For example, according to EPA figures, in Holden, Minn., $71,000 would be enough to seal off an abandoned factory containing toxic chemical residues, including polychlorinated biphenyls, or PCBs. Another $3.6 million would clean up virtually all residues and bury remaining traces under a clay cap.
But the EPA, acting in compliance with its interpretation of federal and state law, will spend $13.6 million to $41.5 million to make the site immaculate.
The basis for this action is the EPAs calculation that there is one chance in 10,000 that someone would develop cancer from eating the cattle that grazed near the propertys perimeter, based on the one molecule theory.
PCBs, like dioxin, are being re-evaluated in terms of the likelihood theyll cause cancer in humans.
Spending Vast Sums
"I suspect the PCB story will be close to the dioxin story," said Dr. Vernon Houk, director of the Center for Environmental Health and Injury Control of the Centers for Disease Control. "But we dont know that yet."
Leo Levenson, a former project manager for Superfund, left the program in 1988 after concluding it was well-intentioned but poorly carried out.
"We were spending vast sums of money on contamination that was unlikely to pose any sort of harm in the future for people or animals," he said.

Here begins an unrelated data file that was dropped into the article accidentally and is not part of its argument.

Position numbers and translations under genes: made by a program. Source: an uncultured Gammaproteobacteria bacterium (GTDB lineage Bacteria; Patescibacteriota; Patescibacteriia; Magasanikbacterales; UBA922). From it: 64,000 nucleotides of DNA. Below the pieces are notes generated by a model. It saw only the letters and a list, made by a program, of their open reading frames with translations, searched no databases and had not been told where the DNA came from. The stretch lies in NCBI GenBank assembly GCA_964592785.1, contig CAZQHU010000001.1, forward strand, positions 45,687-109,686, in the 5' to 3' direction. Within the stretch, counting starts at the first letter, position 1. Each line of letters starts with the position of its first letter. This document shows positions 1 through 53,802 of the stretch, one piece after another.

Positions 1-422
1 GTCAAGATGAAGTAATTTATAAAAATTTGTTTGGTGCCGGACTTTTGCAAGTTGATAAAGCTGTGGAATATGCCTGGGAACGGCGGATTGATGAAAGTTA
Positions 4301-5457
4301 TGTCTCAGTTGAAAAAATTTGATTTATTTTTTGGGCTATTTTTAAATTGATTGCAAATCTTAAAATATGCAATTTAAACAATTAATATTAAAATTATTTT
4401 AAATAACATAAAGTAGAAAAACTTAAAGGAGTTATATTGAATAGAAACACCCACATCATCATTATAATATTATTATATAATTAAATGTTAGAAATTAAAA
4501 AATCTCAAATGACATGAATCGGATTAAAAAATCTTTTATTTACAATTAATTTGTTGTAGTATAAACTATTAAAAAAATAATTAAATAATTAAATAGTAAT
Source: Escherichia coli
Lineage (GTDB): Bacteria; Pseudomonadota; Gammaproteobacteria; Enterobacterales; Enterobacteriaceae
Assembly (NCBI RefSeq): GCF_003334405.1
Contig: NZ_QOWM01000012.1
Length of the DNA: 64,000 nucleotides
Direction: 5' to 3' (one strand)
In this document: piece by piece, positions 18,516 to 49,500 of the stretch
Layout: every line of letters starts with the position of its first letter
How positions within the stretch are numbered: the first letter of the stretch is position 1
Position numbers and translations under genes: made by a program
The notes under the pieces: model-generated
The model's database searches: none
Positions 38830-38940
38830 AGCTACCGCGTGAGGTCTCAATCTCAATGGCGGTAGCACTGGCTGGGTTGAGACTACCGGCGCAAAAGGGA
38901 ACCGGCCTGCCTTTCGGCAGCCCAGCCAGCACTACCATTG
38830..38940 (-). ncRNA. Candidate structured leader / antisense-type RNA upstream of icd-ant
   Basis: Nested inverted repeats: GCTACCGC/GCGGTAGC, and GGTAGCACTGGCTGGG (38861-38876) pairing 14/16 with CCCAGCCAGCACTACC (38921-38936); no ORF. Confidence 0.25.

While he commends the programs emergency response activities, which allow it to quickly respond to spills and fires involving hazardous waste, Levenson is extremely critical of the EPA cleanup standards concerning carcinogens.
"In most cases," he said, "there were chemicals that needed to be cleaned up. But because standards are such that we must clean up to such tiny amounts, parts per billion, tremendous waste is incurred."
Even reducing remaining pollutants to tiny amounts, he said, "wouldnt be such a problem if we would only clean to those standards at well sites."
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By contrast, he said, "We were to make sure that (water) was cleaned to drinkable standards even if there was little possibility that it would ever be used as such. I think theres an aesthetic around pure groundwater. But water while underground is not touched by anybody or any animal. Its a very expensive aesthetic wanting to clean that water up."
Levenson notes that in a 1990 report on a program similar to Superfund, the Resource Conservation and Recovery Act Corrective Action Program, the EPA reported that a more flexible system could lower cleanup costs from $60 billion to $10 billion.
Cleaning up to parts per billion is also tremendously time-consuming, regardless of how closely and carefully the EPA monitors the contractors.
Said Levenson: "The program is bogged down chasing vanishing residuals of chemicals so that each site in the system takes forever to clean up. If we could address the hot spots and move on, we would be able to clean up the worst contamination at many of the sites much more quickly as well as cheaply."
This, he emphasizes, would provide more protection to the public than the present system.